The 5 languages of appreciation

Dr. Gary Chapman is the author of the bestselling book “The Five Love Languages: How to Express Heartfelt Commitment to Your Mate” (see my previous article The Five Love Languages). Recently he co-authored with Dr. Paul White a new book The 5 Languages of Appreciation in the Workplace: Empowering Organizations by Encouraging People.

The 5 Languages of Appreciation in the Workplace applies the 5 love language concept to the workplace.

The 5 Languages of Appreciation are:

  • Words of affirmation – use words to communicate a positive message to another person: praise for accomplishments, affirmation for positive character and personality traits. It can be done in private one-on-one, or publicly in front of others. It can be verbal or written.
  • Quality time – give individual time and undivided attention to another person: quality conversation, shared experiences, small group dialogue, working closely together, having fun together.
  • Acts of service – do something for another person. “Don’t tell me you care, show me.”
  • Tangible gifts – give the right gift to a person who truly appreciates it.
  • Physical touch – communicates a variety of positive messages
    in relationships – a sense of trust, closeness, connectedness and caring: handshake, high five, pat on the back, hug.

People in the workplace need to feel appreciated in order to enjoy their job, do their best work, and continue working over the long haul.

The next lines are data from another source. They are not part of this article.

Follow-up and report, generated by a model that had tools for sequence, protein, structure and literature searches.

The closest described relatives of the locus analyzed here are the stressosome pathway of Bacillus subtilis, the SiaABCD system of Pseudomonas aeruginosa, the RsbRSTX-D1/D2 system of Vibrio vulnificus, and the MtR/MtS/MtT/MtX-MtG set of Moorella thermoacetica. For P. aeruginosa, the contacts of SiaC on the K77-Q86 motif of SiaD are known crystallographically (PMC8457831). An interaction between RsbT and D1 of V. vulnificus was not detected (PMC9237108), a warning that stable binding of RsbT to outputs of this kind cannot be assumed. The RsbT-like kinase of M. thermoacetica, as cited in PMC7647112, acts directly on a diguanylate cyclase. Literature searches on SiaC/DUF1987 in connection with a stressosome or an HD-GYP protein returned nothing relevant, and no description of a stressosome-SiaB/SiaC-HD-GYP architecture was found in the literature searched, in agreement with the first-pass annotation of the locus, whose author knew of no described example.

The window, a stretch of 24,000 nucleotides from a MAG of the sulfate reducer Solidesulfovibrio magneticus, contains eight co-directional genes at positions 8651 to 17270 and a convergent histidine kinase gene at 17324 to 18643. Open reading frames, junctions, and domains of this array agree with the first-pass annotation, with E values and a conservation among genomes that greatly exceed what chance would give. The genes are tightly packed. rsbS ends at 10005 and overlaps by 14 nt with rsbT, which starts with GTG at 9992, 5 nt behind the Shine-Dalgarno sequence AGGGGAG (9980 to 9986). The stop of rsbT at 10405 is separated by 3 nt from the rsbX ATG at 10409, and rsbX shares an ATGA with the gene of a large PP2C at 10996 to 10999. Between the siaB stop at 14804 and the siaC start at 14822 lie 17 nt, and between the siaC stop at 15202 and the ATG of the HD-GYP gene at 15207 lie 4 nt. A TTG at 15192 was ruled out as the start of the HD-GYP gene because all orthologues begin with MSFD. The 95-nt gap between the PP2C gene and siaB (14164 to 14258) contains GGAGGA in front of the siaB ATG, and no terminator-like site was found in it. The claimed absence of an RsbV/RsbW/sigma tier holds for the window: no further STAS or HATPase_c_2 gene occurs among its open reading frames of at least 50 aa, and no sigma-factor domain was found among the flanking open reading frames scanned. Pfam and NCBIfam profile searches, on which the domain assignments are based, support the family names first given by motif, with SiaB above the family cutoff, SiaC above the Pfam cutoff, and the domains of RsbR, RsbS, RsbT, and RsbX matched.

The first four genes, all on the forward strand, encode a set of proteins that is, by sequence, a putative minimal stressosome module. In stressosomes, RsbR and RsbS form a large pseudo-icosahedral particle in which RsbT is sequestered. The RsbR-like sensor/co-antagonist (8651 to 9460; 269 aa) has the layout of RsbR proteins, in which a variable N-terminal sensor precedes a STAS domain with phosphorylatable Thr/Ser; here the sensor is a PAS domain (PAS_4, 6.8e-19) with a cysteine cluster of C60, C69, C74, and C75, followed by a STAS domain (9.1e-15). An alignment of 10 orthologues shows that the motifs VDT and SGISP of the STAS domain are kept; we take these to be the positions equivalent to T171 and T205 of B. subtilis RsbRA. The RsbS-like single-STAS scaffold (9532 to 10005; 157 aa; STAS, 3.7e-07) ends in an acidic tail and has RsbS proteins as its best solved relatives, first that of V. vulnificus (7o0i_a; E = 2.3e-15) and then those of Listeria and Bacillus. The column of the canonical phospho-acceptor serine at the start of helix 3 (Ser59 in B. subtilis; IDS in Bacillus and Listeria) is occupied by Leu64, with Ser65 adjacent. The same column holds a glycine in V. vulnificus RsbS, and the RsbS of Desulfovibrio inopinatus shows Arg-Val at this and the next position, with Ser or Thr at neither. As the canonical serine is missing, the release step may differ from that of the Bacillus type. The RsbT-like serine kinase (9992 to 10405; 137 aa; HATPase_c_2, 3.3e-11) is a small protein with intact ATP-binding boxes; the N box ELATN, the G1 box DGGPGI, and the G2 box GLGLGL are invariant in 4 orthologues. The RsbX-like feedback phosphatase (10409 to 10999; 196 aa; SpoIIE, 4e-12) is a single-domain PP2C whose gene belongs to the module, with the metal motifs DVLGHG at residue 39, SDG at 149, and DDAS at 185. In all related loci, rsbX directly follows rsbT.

As a supervisor or manager, you need to communicate appreciation, encouragement and support for your employees whenever possible. If you want your employees to feel appreciated and valued, you must speak their primary appreciation language and encourage them in ways that are meaningful to them.

The 5 Languages of Appreciation in the Workplace helps you discover your and your coworkers’ primary appreciation language – the language that speaks most deeply to you emotionally, and your least valued language of appreciation – your potential blind spot.

When supervisors and managers can effectively communicate appreciation and encouragement to their employees, the following results can happen:

  • higher levels of job satisfaction
  • decreased cases of burnout
  • reductions in employee turnover
  • healthier relationships between managers and employees
  • improved attendance, performance and productivity
  • greater customer satisfaction
  • a more positive corporate culture and work environment.